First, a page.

"I got sick, so sick in my stomach and started crying," Carroll said. "I'm just praying."

    Carroll, who has osteoarthritis and receives $500 a month from Social Security disability, has never been convicted of a crime, her attorney said.

    "The state can't take her house, so they run to the feds," said the attorney, Stephen F. Allen.

    Carroll continues to live in the home while Allen fights the forfeiture.

    David Salem, Assistant U.S. Attorney, described the forfeiture as a "hybrid adoption" because federal agents were aware of the police investigation but were not involved in the searches.

    Salem also said the forfeiture would be justified because Carroll didn't take enough steps to protect her property, even though she says she evicted her children and changed a lock before proceedings began.

    "She claims she changed a lock on a door though I'm unclear which door it is," Salem said. "She claims she took steps that even if I would credit them as true, the government believes them to be insufficient to justify innocent ownership. There was no effect. That didn't keep the children out of the house."

    It's no accident that many state laws have tougher forfeiture standards than federal law, legislators say.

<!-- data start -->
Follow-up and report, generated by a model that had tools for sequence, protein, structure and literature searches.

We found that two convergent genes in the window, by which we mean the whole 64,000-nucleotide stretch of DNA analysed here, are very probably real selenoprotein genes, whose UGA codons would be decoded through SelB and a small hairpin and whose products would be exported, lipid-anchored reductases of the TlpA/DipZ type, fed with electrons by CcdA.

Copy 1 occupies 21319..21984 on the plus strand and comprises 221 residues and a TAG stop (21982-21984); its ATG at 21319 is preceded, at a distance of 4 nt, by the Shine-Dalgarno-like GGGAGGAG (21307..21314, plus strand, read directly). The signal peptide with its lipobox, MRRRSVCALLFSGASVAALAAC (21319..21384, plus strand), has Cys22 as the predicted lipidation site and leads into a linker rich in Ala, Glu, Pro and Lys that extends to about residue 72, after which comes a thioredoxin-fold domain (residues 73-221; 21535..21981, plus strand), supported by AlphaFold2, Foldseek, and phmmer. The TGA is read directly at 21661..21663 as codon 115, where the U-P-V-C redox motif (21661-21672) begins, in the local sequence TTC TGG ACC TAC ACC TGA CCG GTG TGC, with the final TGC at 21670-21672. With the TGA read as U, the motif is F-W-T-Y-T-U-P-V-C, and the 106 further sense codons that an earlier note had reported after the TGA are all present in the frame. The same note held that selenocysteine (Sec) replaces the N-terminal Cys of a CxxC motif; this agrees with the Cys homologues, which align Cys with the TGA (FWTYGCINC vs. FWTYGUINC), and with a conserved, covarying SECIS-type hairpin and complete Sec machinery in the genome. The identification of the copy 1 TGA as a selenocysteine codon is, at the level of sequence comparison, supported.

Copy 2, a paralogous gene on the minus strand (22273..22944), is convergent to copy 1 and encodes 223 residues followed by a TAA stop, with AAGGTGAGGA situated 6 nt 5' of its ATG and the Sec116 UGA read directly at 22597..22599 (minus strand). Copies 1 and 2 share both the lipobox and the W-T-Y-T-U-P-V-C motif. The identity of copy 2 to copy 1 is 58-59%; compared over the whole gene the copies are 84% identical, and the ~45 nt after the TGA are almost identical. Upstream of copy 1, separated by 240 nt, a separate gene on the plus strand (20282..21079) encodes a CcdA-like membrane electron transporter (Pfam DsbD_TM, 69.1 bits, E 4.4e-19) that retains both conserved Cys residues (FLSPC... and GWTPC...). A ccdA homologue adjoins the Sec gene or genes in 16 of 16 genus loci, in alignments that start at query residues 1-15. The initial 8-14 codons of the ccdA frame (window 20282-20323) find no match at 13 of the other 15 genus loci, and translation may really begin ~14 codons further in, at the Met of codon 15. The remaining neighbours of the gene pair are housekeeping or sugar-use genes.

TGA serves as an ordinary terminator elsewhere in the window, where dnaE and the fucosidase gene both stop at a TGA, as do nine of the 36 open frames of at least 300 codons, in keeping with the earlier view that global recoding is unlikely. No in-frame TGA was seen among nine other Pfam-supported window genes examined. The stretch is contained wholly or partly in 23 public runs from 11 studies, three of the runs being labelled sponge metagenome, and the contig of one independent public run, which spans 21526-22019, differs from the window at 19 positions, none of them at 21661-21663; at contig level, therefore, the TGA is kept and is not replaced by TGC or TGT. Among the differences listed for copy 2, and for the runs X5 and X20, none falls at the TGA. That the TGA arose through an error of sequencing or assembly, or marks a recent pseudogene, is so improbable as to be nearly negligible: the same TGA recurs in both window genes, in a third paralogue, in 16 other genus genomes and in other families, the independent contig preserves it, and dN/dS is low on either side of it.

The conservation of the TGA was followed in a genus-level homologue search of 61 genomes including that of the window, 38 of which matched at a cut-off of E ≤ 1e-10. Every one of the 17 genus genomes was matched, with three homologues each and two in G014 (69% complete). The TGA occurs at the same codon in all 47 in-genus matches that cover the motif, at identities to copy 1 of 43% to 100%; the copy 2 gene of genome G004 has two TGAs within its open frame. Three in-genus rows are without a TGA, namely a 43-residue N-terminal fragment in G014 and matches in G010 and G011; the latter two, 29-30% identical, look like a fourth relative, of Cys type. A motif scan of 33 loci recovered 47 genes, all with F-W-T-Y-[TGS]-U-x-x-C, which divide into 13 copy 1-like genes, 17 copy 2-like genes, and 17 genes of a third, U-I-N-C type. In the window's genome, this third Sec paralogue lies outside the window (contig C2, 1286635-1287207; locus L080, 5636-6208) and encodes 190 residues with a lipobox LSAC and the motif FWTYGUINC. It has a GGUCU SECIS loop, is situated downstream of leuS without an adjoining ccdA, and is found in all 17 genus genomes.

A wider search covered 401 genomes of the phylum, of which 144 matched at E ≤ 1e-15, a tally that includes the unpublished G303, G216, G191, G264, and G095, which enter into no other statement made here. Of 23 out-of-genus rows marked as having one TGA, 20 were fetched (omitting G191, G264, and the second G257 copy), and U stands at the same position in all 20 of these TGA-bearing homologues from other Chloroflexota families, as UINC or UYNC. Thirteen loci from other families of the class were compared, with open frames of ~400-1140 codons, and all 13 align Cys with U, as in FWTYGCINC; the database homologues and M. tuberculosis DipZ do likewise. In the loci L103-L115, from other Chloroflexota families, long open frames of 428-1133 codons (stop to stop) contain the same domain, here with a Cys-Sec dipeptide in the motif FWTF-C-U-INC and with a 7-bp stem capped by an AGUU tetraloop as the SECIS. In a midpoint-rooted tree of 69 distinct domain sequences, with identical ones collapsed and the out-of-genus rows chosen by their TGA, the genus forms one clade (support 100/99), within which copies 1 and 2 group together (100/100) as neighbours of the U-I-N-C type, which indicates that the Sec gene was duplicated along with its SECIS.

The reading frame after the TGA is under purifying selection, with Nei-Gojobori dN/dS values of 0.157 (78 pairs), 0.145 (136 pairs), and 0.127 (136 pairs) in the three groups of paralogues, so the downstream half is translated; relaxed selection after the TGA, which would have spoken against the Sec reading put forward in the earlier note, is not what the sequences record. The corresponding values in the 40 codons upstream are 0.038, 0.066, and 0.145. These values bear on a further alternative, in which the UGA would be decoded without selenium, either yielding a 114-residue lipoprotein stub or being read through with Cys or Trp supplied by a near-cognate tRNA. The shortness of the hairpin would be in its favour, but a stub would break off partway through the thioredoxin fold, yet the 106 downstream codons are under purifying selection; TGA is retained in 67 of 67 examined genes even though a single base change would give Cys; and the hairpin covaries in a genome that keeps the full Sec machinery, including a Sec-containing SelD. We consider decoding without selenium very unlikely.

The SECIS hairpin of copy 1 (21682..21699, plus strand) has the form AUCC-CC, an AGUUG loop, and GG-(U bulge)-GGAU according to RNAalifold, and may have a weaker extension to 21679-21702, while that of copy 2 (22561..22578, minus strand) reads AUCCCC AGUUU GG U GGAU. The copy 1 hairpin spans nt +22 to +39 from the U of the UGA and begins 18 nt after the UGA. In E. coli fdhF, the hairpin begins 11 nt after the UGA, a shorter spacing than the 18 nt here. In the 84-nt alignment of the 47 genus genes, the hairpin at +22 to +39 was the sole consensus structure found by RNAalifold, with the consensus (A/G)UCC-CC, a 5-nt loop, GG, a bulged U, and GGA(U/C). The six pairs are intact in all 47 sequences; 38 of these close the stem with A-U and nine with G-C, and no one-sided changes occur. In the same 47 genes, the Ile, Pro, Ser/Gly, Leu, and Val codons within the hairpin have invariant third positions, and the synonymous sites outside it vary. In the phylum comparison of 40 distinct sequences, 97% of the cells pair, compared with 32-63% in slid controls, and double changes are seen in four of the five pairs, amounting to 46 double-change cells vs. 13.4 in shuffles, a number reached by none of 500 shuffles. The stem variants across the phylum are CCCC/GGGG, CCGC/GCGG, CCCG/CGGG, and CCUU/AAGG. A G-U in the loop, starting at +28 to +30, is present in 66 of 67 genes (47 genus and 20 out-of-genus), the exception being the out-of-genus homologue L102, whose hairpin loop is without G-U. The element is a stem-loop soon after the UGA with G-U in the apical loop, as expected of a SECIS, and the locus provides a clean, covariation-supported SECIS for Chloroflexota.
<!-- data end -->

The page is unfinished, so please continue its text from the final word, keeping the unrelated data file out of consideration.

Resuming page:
"We have tried to make sure that people who are subject to forfeitures have some basic rights," said Georgia Rep. Jim Martin, a Democrat and chairman of the Judiciary Committee.

    And some of those protections are erased when police give the money to federal law enforcement.

    Using the feds

    Not all police departments send forfeitures to federal agencies, but many that do candidly acknowledge it.

    "Everybody uses the federal system," said Lt. Harry Kearley of the Alabama Bureau of Investigations.

    Sometimes, police explain, they believe money they seize is linked to drugs, but they can't prove it under state standards, and they don't want to give the money back to a suspected drug dealer. Federal law lets them take the money out of the owner's hands.